Wendy Avila has always had a deep commitment to justice. She remembers being concerned about issues of "right and wrong" from as far back as the playground in elementary school. So it was no surprise to anyone when after receiving her B.A. from the University of California, Santa Barbara, that she went on to obtain her law degree from the University of San Francisco, School of Law. Having studied many of the great social movements in school, Wendy saw lawyers as instruments for community and societal change.
It has been through her position as a deputy district attorney for the Kern County District Attorney's Office and through her extensive community work that she has made an impact on her community.
At the district attorney's office, Ms. Avila founded Kern County's first ever Truancy Unit in 2002, creating an award winning program, which has been looked at as a "best practices" model. Additionally, while serving in the Gang Unit for 5 years, Ms. Avila was part of a hands on Street Interdiction Team (S.I.T.), which developed anti-gang efforts in outlying communities traditionally held hostage by gang violence.
Ms. Avila is a founding board member of Latina Leaders of Kern County and has also served on the boards of Hispanas Organized for Political Equality (HOPE), the Kern County Prosecutors Association, the Kern County Women Lawyer’s Association and Teen Court of Kern County. She gives extensive time to community causes and feels passionate about working with and on behalf of young people. Ms. Avila is also an adjunct lecturer at California State University, Bakersfield in the Political Science Department.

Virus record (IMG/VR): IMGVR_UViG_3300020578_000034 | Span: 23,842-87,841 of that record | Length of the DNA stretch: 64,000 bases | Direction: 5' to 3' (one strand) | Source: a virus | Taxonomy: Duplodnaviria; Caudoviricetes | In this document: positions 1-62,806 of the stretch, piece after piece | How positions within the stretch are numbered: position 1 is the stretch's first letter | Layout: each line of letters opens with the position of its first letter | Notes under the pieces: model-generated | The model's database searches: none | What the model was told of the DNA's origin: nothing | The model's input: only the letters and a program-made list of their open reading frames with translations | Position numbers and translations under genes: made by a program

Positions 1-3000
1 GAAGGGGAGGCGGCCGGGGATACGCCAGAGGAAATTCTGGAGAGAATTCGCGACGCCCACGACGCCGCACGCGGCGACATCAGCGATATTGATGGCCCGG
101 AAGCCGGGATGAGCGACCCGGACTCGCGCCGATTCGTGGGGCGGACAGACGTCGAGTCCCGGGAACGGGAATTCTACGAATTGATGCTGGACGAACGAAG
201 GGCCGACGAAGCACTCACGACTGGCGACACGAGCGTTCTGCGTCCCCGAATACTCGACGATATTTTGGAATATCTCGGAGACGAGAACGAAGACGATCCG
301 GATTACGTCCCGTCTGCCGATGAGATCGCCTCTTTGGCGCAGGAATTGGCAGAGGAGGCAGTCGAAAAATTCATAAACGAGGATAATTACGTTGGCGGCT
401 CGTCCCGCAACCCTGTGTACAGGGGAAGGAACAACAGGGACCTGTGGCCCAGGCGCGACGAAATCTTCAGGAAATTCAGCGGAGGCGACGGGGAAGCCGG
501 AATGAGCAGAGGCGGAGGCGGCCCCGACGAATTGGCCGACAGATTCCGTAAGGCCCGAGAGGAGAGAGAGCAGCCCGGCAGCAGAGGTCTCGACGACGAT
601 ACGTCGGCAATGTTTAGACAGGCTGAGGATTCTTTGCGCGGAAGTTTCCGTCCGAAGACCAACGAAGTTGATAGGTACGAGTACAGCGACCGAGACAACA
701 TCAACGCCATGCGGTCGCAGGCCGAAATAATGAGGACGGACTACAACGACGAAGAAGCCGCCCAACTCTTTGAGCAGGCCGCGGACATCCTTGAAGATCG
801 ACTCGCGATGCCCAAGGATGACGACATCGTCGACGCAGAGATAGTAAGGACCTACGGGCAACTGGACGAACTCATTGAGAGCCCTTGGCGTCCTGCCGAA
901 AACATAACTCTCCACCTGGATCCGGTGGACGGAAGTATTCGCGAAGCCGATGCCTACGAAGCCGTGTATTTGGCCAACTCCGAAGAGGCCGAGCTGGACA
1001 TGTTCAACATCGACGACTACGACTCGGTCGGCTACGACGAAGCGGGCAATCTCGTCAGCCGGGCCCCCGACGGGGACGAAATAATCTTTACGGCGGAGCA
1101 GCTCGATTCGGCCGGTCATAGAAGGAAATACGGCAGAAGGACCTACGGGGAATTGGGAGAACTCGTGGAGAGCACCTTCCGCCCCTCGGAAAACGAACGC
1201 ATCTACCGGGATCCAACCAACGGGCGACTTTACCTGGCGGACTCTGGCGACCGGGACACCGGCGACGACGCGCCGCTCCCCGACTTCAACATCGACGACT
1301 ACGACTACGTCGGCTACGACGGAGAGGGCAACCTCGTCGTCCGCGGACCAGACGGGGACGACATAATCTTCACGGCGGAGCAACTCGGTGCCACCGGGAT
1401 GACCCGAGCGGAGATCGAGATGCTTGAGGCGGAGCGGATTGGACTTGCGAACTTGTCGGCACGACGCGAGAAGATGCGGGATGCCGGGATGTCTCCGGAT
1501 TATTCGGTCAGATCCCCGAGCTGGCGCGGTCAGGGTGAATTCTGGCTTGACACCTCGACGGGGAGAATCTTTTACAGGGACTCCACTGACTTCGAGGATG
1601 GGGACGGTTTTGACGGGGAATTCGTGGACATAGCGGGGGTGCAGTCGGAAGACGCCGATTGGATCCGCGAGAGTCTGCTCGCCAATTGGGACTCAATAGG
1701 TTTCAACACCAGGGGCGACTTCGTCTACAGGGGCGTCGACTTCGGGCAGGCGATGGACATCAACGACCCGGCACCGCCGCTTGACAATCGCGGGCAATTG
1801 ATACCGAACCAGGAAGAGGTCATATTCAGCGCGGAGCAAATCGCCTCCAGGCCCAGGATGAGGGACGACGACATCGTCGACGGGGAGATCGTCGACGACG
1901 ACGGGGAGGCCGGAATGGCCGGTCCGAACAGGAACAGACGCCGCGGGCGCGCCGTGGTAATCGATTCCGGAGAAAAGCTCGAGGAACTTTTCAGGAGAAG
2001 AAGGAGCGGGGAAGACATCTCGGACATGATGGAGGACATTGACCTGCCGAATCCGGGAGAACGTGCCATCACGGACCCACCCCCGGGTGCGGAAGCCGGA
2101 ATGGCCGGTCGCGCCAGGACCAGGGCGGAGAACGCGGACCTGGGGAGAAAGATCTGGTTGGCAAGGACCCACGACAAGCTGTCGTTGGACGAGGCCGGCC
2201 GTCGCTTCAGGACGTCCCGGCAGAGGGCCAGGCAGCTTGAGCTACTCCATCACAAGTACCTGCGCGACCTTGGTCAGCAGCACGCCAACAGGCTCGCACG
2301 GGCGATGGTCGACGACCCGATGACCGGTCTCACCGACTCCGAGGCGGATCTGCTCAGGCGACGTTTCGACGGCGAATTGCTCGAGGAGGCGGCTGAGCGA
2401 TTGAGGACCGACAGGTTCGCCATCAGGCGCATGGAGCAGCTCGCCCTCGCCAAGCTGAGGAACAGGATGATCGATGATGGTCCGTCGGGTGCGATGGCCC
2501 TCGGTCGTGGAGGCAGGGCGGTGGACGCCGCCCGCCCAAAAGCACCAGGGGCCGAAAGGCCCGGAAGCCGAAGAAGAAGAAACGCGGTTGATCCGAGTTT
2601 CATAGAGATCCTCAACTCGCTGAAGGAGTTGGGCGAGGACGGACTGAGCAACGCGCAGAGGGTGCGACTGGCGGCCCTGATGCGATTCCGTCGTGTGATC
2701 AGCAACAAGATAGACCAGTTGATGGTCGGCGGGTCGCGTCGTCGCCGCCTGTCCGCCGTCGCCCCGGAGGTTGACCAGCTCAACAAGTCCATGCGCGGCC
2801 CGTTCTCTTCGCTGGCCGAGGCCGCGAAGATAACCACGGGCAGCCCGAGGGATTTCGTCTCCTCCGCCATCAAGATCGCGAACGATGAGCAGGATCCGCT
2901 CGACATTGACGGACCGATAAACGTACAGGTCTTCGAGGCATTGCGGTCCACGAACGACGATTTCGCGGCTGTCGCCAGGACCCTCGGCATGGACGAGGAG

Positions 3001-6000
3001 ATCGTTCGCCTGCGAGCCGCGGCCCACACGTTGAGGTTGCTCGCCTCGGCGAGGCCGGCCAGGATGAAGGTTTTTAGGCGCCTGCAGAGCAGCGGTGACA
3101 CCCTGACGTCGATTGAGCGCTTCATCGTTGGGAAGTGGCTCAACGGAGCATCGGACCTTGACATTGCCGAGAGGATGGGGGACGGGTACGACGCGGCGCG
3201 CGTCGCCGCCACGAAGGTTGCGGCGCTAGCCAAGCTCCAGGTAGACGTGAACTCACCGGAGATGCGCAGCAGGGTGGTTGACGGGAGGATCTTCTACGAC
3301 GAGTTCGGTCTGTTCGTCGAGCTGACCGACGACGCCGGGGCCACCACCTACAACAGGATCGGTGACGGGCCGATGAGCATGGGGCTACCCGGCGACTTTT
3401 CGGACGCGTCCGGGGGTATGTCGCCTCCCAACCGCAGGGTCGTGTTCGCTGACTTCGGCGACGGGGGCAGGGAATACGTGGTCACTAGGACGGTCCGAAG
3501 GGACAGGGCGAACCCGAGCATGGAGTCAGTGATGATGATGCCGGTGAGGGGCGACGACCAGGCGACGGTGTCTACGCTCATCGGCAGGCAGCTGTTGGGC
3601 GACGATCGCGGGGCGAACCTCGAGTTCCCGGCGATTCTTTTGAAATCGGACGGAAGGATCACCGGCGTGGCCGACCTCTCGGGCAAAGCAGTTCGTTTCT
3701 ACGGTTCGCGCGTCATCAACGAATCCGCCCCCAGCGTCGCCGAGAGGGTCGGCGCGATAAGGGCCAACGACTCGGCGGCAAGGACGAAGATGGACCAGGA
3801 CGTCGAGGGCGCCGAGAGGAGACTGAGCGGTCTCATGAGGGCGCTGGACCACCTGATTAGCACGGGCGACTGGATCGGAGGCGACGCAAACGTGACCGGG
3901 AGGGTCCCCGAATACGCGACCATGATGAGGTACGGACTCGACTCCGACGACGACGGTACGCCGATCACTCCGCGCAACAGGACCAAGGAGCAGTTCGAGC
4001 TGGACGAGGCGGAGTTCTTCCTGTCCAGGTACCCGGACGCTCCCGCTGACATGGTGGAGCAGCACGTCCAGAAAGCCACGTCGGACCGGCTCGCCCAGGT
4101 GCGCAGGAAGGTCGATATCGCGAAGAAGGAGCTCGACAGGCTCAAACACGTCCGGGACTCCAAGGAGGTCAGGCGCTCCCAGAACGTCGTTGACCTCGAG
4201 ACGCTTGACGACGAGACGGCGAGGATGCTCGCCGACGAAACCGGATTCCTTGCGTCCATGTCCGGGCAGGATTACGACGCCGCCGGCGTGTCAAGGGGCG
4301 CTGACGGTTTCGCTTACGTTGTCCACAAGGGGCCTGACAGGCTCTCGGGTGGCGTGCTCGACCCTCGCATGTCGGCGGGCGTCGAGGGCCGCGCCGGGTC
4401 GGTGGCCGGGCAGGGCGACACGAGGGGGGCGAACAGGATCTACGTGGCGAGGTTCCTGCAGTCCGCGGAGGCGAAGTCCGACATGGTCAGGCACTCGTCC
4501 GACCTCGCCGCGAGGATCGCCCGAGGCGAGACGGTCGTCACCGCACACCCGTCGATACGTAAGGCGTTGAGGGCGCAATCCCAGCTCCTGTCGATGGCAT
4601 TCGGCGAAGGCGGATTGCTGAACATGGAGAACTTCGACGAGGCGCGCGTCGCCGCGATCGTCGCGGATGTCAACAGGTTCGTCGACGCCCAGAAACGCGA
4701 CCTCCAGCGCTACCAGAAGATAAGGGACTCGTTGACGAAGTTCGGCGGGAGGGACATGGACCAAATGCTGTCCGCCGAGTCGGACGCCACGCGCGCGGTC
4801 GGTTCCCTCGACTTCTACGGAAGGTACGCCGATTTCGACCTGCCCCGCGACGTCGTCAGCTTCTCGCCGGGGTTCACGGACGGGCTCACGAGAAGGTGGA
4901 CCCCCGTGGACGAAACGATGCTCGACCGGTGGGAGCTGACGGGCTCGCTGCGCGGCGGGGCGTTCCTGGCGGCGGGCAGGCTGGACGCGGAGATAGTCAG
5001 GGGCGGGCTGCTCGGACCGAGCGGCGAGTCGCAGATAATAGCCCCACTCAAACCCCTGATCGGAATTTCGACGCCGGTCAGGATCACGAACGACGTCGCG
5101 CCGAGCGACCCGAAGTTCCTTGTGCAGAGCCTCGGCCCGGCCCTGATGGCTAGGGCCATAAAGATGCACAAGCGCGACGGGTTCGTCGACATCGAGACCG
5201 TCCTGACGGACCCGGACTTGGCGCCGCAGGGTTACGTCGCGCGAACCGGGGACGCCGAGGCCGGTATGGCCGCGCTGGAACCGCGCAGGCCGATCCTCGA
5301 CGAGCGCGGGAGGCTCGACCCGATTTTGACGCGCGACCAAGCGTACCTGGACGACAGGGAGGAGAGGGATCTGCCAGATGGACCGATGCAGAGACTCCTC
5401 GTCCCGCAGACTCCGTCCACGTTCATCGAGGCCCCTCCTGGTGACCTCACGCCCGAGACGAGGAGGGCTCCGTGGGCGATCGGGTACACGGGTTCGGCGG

Regional Representative for Labor Secretary Tom Perez, Office of Congressional and Intergovernmental Affairs at the U.S. Department of Labor
For more than 20 years, Elmy Bermejo has been dedicated to public service in California and Washington D.C. where she has served as Chair of the California State Commission on the Status of Women and as Deputy Secretary for the State and Consumer Services Agency for the State of California. Elmy also served as special assistant to Senator Don Perata, and worked for Senator Burton on issues that impact women and children, supported outreach to the Latino/Latina community and worked with the ethnic media. As a board member of Hispanas Organized for Political Equality (HOPE), Elmy chaired Latina Action Day in Sacramento and helped to expand the organization's presence statewide and nationally.
Lidia Martinez Manager of Community Affairs & Grassroots, Southwest Airlines
Lidia Martinez is the "go to" contact at Southwest Airlines in the West. Despite the fact that she is working with hundreds of organizations, everyone she works with feels like she is their advocate - and it's true. Lidia works tirelessly to support all the wonderful programs that are happening throughout Southern California and is a true champion for the Latino/Latina community.
"Lidia truly exemplifies the mission and vision of HOPE. Her tireless efforts to advance Latinas and our communities is evident...She goes out of her way to help all of us in one way or another, never asking for anything in return. She is a selfless champion and a true treasure not only in San Diego, but she has left her footprint across the state and the nation. We are honored to have her be part of our HOPE family and I am blessed to have her as a madrina and friend!" -Nora Vargas, HOPE Board Member
Lidia isn't just involved with philanthropy at work: she also gives her personal time to support important organizations and causes. Lidia serves on the Board of Directors of the United States Hispanic Leadership Institute (USHLI); the Congressional Hispanic Caucus Institute (CHCI); LEAD San Diego; and the Mexican American Legal Defense and Educational Fund (MALDEF). Other key organizations where Lidia represents her company on an advisory level are: the National Association of Latino Elected and Appointed Officials (NALEO) Educational Fund; and the California Latino Caucus Institute (CLCI). She is also proud to be a Champion for Hispanas Organized for Political Equality (HOPE). Lidia is a treasure to so many because her work makes the work of so many others possible - creating a community that is connected, inclusive and vibrant.